Alabama Ranked 5th Most Polluted State for Particle Pollution

by | Jan 5, 2016

HealthGrove, a website that offers news and data analysis about health topics, has named Alabama’s air pollution the fifth worst in the nation. Specifically, their researchers analyzed fine particulate matter data from the Centers for Disease Control and Prevention.

If you’re new to air quality measures, it’s important first to understand what we’re talking about here. Fine particle pollution refers to microscopic solid and liquid droplets in the air we all breathe that are less than 2.5 micrometers (µm, or microns) in diameter. Also known as PM 2.5, sources of this pollution include include power plants, factories, and vehicles.

EPA particle pollution diagram

According to the American Lung Association, inhaling particle pollution “may trigger illness, hospitalization and premature death.” In other words, particle pollution can be very harmful to your health. The HealthGrove article notes that research published in The Lancet found that “for every 10 ug/m3 increase of PM2.5 particles, lung cancer incidences increased by 36 percent.”

The CDC geographically aggregates daily measures of fine particulate matter in outdoor air. HealthGrove used the most recent CDC data, from 2003-11, to determine which states have the worst air pollution. The CDC reports fine particle pollution in micrograms per cubic meter (µm/m3).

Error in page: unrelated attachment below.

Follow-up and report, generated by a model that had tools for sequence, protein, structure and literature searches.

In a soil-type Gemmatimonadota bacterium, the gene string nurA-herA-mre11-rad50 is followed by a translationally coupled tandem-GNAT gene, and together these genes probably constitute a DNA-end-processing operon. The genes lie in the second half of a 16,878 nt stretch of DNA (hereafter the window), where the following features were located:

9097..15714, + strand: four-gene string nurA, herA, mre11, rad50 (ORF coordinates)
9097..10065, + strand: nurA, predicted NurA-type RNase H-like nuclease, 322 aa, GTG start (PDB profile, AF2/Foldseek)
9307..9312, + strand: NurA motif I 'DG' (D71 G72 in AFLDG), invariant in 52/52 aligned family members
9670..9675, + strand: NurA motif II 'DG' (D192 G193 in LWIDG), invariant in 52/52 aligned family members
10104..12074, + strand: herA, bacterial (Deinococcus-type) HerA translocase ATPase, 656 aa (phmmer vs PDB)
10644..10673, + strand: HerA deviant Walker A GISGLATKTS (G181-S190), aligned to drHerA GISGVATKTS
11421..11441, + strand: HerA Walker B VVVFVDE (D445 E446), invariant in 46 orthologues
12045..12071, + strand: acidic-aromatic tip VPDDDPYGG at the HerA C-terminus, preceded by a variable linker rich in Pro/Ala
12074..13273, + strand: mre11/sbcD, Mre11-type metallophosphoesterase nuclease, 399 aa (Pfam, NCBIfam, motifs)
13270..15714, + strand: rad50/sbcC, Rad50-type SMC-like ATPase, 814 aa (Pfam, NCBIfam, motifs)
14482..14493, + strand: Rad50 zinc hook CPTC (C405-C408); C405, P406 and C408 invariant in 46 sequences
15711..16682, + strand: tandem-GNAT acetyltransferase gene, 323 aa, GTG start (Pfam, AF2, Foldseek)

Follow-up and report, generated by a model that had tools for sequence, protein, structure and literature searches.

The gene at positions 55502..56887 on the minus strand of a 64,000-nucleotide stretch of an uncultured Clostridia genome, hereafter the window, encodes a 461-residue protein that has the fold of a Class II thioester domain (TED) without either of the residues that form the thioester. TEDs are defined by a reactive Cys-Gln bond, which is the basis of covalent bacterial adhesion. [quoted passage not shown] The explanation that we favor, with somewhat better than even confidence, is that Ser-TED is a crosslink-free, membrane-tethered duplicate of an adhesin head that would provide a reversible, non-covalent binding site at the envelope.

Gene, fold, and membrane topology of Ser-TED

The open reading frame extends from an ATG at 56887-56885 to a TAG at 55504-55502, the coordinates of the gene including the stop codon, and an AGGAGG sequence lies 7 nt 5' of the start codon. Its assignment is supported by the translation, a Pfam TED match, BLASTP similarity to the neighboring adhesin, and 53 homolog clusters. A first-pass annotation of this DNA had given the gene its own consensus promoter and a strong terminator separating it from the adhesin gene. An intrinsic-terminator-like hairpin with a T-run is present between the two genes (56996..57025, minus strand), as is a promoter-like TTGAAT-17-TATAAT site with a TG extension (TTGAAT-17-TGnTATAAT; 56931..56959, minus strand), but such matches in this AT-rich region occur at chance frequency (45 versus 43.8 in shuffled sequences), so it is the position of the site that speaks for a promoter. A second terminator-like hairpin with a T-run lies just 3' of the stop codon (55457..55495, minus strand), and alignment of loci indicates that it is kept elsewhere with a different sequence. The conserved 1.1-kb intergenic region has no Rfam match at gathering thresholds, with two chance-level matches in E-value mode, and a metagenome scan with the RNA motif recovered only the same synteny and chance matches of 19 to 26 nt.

Here are the topline stats for Alabama:
Air Pollution (ug/m3): 13.95
Cancer Deaths (per 100K): 213.7
Heart Disease Deaths (per 100K): 258
Most Polluted County: Hale

This year, Gasp is focused on finding workable solutions. We’re currently pursuing funding for air quality monitoring and analysis so that we can educate and advocate for clean, healthy air across the Greater Birmingham area. If you’d like to contribute to this important work, consider donating or becoming a member!


About Michael Hansen
Michael is Executive Director of GASP. He joined the team in 2013 as communications specialist. He has years of experience and extensive training in the areas of public health and environmental protection. He is a member of the board of directors for the Southeast Climate & Energy Network and Clean Water Fund, as well as a member of the Arm in Arm National Core Support Team. Email Michael
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